No longer “presumptive” –> Donald Trump is now the actual Republican presidential nominee although his formal acceptance speech isn’t until tomorrow night. The delegate roll call Tuesday evening was choreographed so that Trump’s home state of New York would be the one to make it official. The New York Times: “The hall echoed with the strains of ‘New York, New York.’ Giant screens hanging over the arena glittered with an animation of gold fireworks and a three-word proclamation: ‘Over the Top.’” Appropriately, Trump wasn’t in Cleveland to celebrate his nomination in person but teleconferenced in from — where else? — New York. Manhattan’s Trump Tower, to be exact.
How Trump chose his veep –> A fascinating story by Robert Draper in The New York Times Magazine begins with a close adviser to Ohio Gov. John Kasich purportedly meeting with Trump’s son, Donald Jr. Despite Kasich’s candidacy against Trump and continued criticism, “Donald Jr. wanted to make [Kasich] an offer nonetheless: Did he have any interest in being the most powerful vice president in history?
“When Kasich’s adviser asked how this would be the case, Donald Jr. explained that his father’s vice president would be in charge of domestic and foreign policy.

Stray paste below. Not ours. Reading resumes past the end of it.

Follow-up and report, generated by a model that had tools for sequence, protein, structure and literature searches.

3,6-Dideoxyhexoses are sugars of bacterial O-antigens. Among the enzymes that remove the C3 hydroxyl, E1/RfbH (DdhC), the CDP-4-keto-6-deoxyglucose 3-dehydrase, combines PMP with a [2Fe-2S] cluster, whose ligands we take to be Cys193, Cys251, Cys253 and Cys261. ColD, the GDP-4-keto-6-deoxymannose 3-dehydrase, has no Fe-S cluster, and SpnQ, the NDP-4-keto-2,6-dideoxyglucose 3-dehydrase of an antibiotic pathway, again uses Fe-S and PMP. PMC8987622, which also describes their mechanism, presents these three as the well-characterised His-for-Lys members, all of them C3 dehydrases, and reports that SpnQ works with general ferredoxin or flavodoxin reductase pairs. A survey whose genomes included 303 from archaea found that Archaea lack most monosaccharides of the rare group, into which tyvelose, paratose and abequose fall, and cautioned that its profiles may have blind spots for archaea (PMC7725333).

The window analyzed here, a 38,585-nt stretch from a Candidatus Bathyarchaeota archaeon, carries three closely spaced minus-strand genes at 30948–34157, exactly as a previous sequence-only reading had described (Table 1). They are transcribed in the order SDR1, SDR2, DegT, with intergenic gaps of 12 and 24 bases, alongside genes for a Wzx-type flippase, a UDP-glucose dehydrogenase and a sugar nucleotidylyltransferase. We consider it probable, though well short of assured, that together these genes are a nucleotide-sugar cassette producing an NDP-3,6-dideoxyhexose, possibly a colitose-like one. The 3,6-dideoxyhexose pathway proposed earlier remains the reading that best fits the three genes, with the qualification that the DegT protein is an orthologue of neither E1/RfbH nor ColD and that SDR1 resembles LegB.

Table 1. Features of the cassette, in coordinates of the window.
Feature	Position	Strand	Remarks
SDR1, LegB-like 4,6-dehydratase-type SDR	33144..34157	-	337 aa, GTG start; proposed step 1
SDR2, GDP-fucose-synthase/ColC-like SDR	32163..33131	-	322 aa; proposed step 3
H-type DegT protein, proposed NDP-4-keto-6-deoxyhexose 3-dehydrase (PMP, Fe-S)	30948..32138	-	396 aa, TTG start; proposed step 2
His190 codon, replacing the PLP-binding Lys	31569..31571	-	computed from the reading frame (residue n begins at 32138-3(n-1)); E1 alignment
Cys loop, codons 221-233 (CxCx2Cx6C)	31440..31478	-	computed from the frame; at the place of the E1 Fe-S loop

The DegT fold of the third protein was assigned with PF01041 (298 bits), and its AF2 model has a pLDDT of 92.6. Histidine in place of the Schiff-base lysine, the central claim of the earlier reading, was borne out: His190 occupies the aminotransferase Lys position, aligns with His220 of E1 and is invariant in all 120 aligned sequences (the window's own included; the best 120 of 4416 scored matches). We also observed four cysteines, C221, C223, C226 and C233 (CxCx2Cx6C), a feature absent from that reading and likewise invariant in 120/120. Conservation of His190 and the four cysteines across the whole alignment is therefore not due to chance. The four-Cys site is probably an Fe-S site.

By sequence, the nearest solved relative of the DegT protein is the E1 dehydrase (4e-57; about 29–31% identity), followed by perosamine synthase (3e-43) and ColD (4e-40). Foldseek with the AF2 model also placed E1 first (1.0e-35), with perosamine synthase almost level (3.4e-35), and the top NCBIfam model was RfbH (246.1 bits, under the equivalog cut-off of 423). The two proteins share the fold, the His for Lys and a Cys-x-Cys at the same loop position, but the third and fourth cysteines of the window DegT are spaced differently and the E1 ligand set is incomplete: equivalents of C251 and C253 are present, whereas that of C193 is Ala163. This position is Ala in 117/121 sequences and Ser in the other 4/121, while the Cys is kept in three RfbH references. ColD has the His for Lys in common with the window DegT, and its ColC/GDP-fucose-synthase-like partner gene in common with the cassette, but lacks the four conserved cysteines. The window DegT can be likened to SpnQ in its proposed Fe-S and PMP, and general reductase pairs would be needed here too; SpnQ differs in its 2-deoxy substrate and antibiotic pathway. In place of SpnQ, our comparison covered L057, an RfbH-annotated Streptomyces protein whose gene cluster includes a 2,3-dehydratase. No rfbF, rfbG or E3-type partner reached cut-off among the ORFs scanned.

“Then what, the adviser asked, would Trump be in charge of?
“‘Making America great again’ was the casual reply.”
Undoing decades of hard work –> America’s progress on climate change has been slow and halting, and we have not come far enough. But under Barack Obama, measures to reduce demand for fossil fuels, like his Clean Power Plan and vehicle fuel efficiency standards, have made for some of America’s biggest steps to cut greenhouse gas emissions.
Yet, Steven Mufson writes for The Washington Post, “The Republican Party platform adopted Monday night would bring a total about-face on US energy and climate policy, declaring the priority placed on combating climate change under President Obama ‘the triumph of extremism over common sense, and Congress must stop it.’ The GOP platform calls coal ‘clean,’ pledges to reverse a Supreme Court ruling on the scope of the Clean Air Act, seeks to open vast amounts of federally protected public lands and waters to oil, gas and coal exploitation, rejects the Paris climate accord and Obama’s Clean Power Plan, and opposes a carbon tax. It takes aim at ‘environmental extremists’ and calls the environmental movement ‘a self-serving elite.’”
Coup fallout continues –> Turkey’s president Recep Tayyip Erdoğan is considering asking his country’s parliament to reinstate the death penalty as he seeks to dig out opposition in his own government — in Prime Minister Binali Yildirim’s words — “by the roots.” But doing so could block his country from entering the European Union. The BBC: “The interior ministry has dismissed almost 9,000 police officers as part of a purge of officials suspected of involvement in the coup attempt. That followed the arrest of 6,000 military personnel and suspension of almost 3,000 judges over the weekend. Many of those accused of involvement are closely linked to the ruling apparatus.”